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Ag at Large: Farmers depend On trained help

Ag at Large: Farmers depend On trained help

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Don Curlee

Don Curlee

Farmers are an independent lot, especially in bountiful California, where so many of them produce so many different crops. But when they need reliable advice they can and do turn to the university-oriented Cooperative Extension Service, often represented by their local farm advisors.

With the backing of federal, state and county funds and the full support of the University of California’s Agriculture and Natural Resources division, the Extension Service offers a complete and broad body of knowledge about the origination, breeding and the latest experimentation and improvements of every crop or commodity that can be grown. All of it and more is offered without charge through its well-trained farm advisors located strategically throughout the state, within reach of farmers and others.

More broadly, the program operates through personnel identified as home-nutrition, family and consumer sciences advisors as well, who conduct research and manage programs that provide nutrition education to school children. UC Cooperative Extension youth development advisors offer direction and background which promotes hands-on experiential learning for all youth. These programs are administered by professionals specially trained in the crafts and procedures required to lead and train dedicated learners.

On the farm the issues of plant nutrition, pest and disease control, weed encroachment, irrigation technology, harvest, shipping and marketing and a host of regulations dealing with wage and hour laws and various restrictions are commonly discussed with farm advisors. Offering advice in any of these areas requires the advisors to be current and complete in their knowledge of a wide range of topics.

Behind the “on the scene” farm advisors the extension service includes a large number of researchers, educators and specialists all closely in touch with the history and background of issues that are currently prominent in field conditions. They use publications and meetings and direct contact to share their knowledge with growers. They are often contacted by members of the press, and are careful to protect their status as final authorities on sensitive issues such as pests and disease.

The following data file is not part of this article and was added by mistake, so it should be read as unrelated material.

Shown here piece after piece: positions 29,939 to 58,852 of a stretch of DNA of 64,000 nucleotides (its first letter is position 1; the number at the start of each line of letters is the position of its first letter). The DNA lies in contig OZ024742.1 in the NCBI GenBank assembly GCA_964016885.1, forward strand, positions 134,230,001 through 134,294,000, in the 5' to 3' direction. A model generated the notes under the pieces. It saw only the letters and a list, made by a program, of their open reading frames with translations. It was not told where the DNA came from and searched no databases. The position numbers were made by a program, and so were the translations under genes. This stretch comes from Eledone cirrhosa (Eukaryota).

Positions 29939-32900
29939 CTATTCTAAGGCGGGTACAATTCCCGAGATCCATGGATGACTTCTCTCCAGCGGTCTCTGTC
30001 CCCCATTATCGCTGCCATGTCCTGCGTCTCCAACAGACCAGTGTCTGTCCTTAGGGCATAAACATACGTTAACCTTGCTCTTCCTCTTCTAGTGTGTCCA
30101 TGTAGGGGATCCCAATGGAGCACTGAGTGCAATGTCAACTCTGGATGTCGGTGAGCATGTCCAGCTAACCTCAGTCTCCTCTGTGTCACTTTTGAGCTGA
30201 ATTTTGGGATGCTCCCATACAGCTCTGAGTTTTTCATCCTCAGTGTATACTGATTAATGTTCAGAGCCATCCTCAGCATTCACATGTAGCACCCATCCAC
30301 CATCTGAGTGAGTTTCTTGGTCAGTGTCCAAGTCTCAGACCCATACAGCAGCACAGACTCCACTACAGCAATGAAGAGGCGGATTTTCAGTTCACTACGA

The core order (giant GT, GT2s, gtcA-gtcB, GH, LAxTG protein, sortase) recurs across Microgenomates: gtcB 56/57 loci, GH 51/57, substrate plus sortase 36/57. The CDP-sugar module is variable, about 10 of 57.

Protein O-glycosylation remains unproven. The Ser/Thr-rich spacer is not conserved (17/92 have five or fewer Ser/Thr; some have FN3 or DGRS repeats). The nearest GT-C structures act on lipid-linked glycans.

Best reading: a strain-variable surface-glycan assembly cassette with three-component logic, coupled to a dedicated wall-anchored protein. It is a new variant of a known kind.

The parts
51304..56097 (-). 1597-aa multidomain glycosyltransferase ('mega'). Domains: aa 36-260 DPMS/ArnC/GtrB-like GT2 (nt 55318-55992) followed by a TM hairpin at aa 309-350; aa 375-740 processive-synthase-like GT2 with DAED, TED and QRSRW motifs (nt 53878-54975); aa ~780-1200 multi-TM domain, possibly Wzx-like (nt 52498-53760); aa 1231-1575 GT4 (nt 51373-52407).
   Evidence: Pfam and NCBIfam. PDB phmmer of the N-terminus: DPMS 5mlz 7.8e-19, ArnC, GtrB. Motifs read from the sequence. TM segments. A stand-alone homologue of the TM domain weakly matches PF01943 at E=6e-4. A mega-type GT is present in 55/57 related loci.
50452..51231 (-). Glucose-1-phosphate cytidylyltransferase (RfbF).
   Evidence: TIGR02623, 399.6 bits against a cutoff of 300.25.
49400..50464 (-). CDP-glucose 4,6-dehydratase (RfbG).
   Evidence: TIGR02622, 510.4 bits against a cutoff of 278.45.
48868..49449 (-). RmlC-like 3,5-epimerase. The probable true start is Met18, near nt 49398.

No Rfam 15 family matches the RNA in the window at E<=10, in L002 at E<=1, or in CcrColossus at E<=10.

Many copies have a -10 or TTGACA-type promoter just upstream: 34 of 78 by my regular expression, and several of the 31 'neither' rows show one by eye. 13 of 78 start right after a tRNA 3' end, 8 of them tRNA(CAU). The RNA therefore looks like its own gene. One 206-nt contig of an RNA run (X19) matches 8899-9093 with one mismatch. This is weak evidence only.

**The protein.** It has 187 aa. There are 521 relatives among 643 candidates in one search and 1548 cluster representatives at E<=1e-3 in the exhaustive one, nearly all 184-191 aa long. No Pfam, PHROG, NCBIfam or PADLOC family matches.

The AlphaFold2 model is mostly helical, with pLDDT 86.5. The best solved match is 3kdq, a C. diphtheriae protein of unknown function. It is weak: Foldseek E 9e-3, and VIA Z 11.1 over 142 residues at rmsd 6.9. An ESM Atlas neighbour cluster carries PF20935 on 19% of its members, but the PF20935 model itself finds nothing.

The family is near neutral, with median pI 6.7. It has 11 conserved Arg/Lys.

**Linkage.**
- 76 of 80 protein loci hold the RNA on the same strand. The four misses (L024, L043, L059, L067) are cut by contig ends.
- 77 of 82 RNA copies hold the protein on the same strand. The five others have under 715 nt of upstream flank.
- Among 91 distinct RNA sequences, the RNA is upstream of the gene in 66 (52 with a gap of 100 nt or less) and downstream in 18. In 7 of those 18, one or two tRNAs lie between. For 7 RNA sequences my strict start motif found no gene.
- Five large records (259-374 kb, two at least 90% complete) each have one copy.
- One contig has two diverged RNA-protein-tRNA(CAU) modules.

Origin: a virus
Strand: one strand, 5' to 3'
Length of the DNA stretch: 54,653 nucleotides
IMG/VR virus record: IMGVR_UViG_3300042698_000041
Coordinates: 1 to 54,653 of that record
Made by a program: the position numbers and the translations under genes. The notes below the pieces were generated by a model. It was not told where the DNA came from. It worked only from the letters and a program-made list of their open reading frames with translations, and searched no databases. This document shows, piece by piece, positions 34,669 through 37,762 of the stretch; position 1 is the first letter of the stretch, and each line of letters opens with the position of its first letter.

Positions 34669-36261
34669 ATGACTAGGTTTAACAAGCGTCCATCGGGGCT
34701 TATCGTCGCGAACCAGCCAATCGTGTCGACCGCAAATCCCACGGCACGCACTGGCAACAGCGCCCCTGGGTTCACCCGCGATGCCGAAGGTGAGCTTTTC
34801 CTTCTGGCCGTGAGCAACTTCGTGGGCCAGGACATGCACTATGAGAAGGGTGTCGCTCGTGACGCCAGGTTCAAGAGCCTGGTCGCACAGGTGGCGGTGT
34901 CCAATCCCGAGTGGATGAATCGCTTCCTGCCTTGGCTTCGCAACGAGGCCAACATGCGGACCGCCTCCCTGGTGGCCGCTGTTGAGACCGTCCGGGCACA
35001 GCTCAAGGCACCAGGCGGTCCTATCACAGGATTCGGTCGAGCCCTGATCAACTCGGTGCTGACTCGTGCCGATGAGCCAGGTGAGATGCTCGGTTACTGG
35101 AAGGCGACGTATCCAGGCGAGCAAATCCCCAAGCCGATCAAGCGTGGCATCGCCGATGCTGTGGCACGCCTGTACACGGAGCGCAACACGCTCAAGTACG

Several of the personnel and facilities of the Extension Service operate in widely scattered permanent facilities. Much research for the citrus industry is performed at the Lind Cove Research and Extension Center near Exeter. Onion, hay, potato and horse radish research is performed at ANR’s inter mountain research station in Tule Lake. Its West Side research station in Five Points emphasizes crops produced on the San Joaquin Valley’s vast west side, while the 330-acre Kearney Agricultural Research and Extension center in Parlier serves the Central Valley’s huge menu of crops.

The Cooperative Extension Service, with its foundation in the U.S. Department of Agriculture provides a strong measure of support for much of the information, research and advice that is channeled through the local farm advisors and the scientists, researchers and educators who stand behind them.

The federal Department of Agriculture is locked into the information process for growers through its designation of “Land Grant” universities, a group of educational institutions originally designated as vital links in conveying essential information about food and fiber production to and from those who are involved in the process. It confirms its commitment by assigning funds to these universities in each of its budgets. The University of California is the state’s only Land Grant institution.

The university’s Agriculture and Natural Resources (ANR) division described its mission in a recent statement as “working to promote economic prosperity, safeguard sufficient safe and healthy food for all, protect the state’s natural resources, promote healthy people and communities, develop a qualified workforce, build climate change resilience . . . and develop an inclusive and equitable society

With all that to accomplish, farmers are privileged to have their own everyday access to this vast unit of extended education and advice.

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